The journey of life is often said to be double sided — there are good times and bad times. Across the globe, Ghana included, economies are facing difficulties, with people resorting to all manner of measures to overcome the challenges.
In moments of difficulty, people resort to doing things in diverse ways and forms. In many advanced countries, for instance, it is a culture for many people to do things themselves to make savings for a better living.
Today, one of our front page stories is on how people are doing things themselves to overcome the economic difficulties.
There is no gainsaying that the country is going through some challenging times economically, a situation that has led people to adopt the Do It Yourself (DIY) strategy to survive. In a crisis period, a lot of innovations take place.
As part of personal strategies, the Daily Graphic, as reported in our story, has seen people resorting to DIY as a means of saving, as the prices of goods and services continue to rise, though incomes remain the same.
For instance, instead of consumers buying finished products from the market, they buy the ingredients and produce the items themselves at home.
Products on the DIY list include liquid soap, bleach, mixed spices, tomato puree, groundnut paste, palm oil, coconut oil, corn dough and body lotion, while carbonated drinks have mostly been replaced with home-made drinks such as ‘sobolo’, ‘asana’ and fruit juices.
At the Agbogbloshie Market, a major bulk breaking point, the Kaneshie, the Dome and the Adabraka markets, as well as the central business district of Accra, the team saw some consumers buying ingredients, as well as some finished products they could not easily prepare at home.
Again, many people are cooking more at home, instead of patronising cooked food from outside, while vehicle owners are washing their vehicles, instead of taking them to the car wash.
The DIY concept has been well embraced in the developed world and for a long time has been part of people’s way of life, particularly when it comes to maintenance.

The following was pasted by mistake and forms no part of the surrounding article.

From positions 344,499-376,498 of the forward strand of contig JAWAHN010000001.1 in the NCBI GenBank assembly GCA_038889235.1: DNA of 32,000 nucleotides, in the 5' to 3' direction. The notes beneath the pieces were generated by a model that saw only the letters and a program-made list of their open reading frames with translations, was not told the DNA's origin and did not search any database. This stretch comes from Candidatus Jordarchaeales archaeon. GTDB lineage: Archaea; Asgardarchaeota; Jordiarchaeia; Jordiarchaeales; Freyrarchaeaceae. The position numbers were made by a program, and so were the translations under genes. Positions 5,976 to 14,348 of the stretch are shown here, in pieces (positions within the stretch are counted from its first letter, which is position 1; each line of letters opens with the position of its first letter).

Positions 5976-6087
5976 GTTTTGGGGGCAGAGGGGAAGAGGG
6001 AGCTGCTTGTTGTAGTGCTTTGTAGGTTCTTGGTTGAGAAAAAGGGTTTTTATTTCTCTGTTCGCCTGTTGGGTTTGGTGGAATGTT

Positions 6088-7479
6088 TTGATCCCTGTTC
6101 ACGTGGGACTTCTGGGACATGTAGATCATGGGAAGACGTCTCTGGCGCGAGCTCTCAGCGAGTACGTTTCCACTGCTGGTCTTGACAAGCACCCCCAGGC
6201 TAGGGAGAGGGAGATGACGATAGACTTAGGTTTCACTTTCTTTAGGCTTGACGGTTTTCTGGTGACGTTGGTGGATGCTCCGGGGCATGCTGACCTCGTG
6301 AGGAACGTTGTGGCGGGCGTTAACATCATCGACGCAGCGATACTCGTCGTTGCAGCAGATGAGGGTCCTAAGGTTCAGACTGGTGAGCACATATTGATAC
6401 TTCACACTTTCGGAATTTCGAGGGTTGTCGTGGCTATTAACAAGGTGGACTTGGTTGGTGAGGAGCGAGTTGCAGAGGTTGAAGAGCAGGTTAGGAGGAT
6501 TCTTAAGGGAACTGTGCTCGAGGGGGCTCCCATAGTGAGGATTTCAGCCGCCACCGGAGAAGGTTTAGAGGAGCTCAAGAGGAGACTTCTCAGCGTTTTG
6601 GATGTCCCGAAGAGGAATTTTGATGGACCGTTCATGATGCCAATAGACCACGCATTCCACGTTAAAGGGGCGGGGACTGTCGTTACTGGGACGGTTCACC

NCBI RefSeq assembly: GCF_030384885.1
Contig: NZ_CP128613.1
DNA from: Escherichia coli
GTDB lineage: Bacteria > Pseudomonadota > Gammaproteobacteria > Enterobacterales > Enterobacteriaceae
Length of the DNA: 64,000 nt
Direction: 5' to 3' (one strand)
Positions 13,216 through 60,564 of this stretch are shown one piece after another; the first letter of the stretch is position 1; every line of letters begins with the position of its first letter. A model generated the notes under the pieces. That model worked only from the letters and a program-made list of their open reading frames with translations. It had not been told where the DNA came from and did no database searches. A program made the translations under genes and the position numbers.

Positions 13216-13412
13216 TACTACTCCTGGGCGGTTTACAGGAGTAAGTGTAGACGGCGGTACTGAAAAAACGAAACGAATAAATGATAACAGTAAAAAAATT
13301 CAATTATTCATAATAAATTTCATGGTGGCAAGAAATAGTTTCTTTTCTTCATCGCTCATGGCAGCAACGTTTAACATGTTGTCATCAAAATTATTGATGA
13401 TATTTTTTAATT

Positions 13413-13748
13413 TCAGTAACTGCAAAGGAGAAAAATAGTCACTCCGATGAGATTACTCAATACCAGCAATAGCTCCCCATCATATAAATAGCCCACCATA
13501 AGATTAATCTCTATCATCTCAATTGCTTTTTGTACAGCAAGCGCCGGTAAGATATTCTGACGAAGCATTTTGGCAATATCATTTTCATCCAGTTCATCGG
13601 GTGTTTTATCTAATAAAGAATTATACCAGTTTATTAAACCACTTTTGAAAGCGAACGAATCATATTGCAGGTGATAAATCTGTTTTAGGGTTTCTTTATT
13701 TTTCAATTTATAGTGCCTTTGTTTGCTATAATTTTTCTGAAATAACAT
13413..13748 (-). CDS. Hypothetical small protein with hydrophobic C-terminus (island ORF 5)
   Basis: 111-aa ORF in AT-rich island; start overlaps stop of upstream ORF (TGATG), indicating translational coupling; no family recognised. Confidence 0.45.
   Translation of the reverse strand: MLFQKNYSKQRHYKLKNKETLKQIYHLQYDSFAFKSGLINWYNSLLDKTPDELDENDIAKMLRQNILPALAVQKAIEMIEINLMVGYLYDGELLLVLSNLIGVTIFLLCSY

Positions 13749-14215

Unless a problem cannot be fixed by oneself, there is no need to bring in the handy man, given the cost involved in such ventures.
The concept of DIY is not an entirely new one in the country, as it has been part of the way of life in many social settings until in recent times when people have chosen to pay for convenience by patronising services rather than doing it themselves.
On the national scale, initiatives such as ‘Operation Feed Yourself’ caught on quite well in the 1970s as people started having backyard gardens to grow some food items to complement what they purchased from the markets.
In more recent times, people have been encouraged to revisit the initiative to help attain food sufficiency and save cost.
Given the steady rise in prices, with no end in sight, the Daily Graphic finds it prudent to adopt the DIY concept and we would like to encourage many more to get on board, so that money can be saved for the necessities that cannot be improvised, such as paying school fees, utility bills and medical bills and other emergencies that require cash.
Also, in homes and neighbourhoods, families and neighbours are encouraged to plan and pool vehicles to save on fuel expenses. There may even be the need to park vehicles and go by public transport, just to save money for more pressing needs.
It is often said that desperate times call for desperate measures. The Daily Graphic believes that what Ghana is experiencing currently calls for smart measures and living, and hopefully, DIY will be widely accepted to ensure that beyond these challenging times, it soon becomes the way of life.